In 2002, Guy and Alec Wildenstein declared an inheritance of 42 million euros after the death of their father Daniel. Twelve years later, in 2014, the French tax authorities sent Guy Wildenstein an upward adjustment of 550 million euros.
In 2002, Guy and Alec Wildenstein declared an inheritance of 42 million euros after the death of their father, Daniel. They paid inheritance tax of 17.7 million euros, which they settled by donating bas-reliefs sculpted for Queen Marie-Antoinette, which joined the Queen’s Dairy in Rambouillet (Yvelines). Twelve years later, in 2014, the French tax authorities sent Guy Wildenstein an adjustment of 550 million euros. Between these two events, it took the revolt of a widow, Sylvia Roth-Wildenstein, against her stepchildren and the pugnacity of her lawyer, Claude Dumont-Beghi, to lift the veil on a “system” of trusts hiding hundreds of works of art. Here followsan interview with this specialist in the fight against tax havens, who publishes the account of this investigation, Les milliards cachés des Wildenstein (The Hidden Billions of the Wildensteins). The trial of the Wildensteins opened last Monday in Paris.
Why publish this book when your client, Sylvia Roth-Wildenstein, Daniel’s widow, has now passed away?
Claude Dumont-Beghi: I had started writing it before her death and she gave me a post-mortem mandate to publish it. She put a lot of energy into getting things said and asked me to continue this word after she was gone. While my client had made a will in 2008 in which she asked that she continue her action, there are no more heirs and her sister has renounced the estate,. There is no financial interest in what I have been doing. I also do it to achieve decency. Even if they had paid the taxes they owed, the Wildensteins would still be billionaires.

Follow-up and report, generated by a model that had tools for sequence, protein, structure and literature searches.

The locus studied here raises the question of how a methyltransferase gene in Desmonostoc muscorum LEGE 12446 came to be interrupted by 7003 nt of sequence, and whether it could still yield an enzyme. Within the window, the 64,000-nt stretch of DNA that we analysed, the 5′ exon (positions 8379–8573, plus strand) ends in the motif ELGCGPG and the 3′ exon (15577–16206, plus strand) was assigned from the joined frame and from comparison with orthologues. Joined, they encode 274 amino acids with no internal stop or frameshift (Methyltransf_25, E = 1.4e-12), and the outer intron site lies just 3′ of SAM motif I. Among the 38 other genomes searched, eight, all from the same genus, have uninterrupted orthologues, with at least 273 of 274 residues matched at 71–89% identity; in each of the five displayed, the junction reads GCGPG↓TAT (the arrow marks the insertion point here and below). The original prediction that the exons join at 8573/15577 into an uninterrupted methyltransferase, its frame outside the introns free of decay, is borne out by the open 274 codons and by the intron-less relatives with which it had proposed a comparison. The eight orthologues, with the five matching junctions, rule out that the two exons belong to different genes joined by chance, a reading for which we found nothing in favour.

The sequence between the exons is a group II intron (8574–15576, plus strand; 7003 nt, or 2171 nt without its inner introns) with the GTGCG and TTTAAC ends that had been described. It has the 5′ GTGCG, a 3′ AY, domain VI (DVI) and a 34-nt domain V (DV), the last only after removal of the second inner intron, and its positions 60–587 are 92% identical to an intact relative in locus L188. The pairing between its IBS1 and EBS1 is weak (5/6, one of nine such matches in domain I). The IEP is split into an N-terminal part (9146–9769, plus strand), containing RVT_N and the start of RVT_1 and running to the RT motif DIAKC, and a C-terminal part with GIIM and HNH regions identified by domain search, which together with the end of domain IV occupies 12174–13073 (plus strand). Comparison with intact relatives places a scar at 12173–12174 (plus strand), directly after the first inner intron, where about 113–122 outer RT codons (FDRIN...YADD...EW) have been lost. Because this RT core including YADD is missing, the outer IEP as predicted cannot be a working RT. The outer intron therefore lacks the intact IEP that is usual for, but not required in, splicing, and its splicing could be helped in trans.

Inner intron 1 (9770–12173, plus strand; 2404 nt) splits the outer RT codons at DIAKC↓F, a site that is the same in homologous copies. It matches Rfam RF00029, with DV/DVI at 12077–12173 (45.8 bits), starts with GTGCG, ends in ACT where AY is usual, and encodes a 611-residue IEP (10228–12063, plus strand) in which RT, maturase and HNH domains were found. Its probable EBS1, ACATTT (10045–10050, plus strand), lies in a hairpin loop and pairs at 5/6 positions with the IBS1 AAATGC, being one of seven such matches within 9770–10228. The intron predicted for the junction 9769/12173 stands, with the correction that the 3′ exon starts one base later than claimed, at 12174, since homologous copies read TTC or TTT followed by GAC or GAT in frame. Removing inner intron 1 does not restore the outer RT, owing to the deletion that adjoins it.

Has his disappearance closed the legal action?
I no longer have a mandate to intervene. But we had filed two criminal complaints. The first for breach of trust, then for insolvency, concealment, forgery and forgery… I filed a civil action on behalf of my client. Once the public action was launched, it continued even after death, so my two complaints in 2009 flourished. Out of moral duty and conviction, I alerted the public authorities when I saw that there was going to be a tax statute of limitations. I wrote to François Baroin, then Minister of the Budget, in 2010, just before Sylvia Roth’s death – the letter is in the appendix of my book. The latter filed a complaint for tax fraud against the Wildensteins on the day of her departure… Thanks to my complaints, searches took place and it was discovered that at the Wildenstein Institute (rue La Boétie in Paris) there were sequestered and stolen paintings.
Source: Le Quotidien de l’Art
Author: Alexandre Crochet
Photo: Raphaël Beghi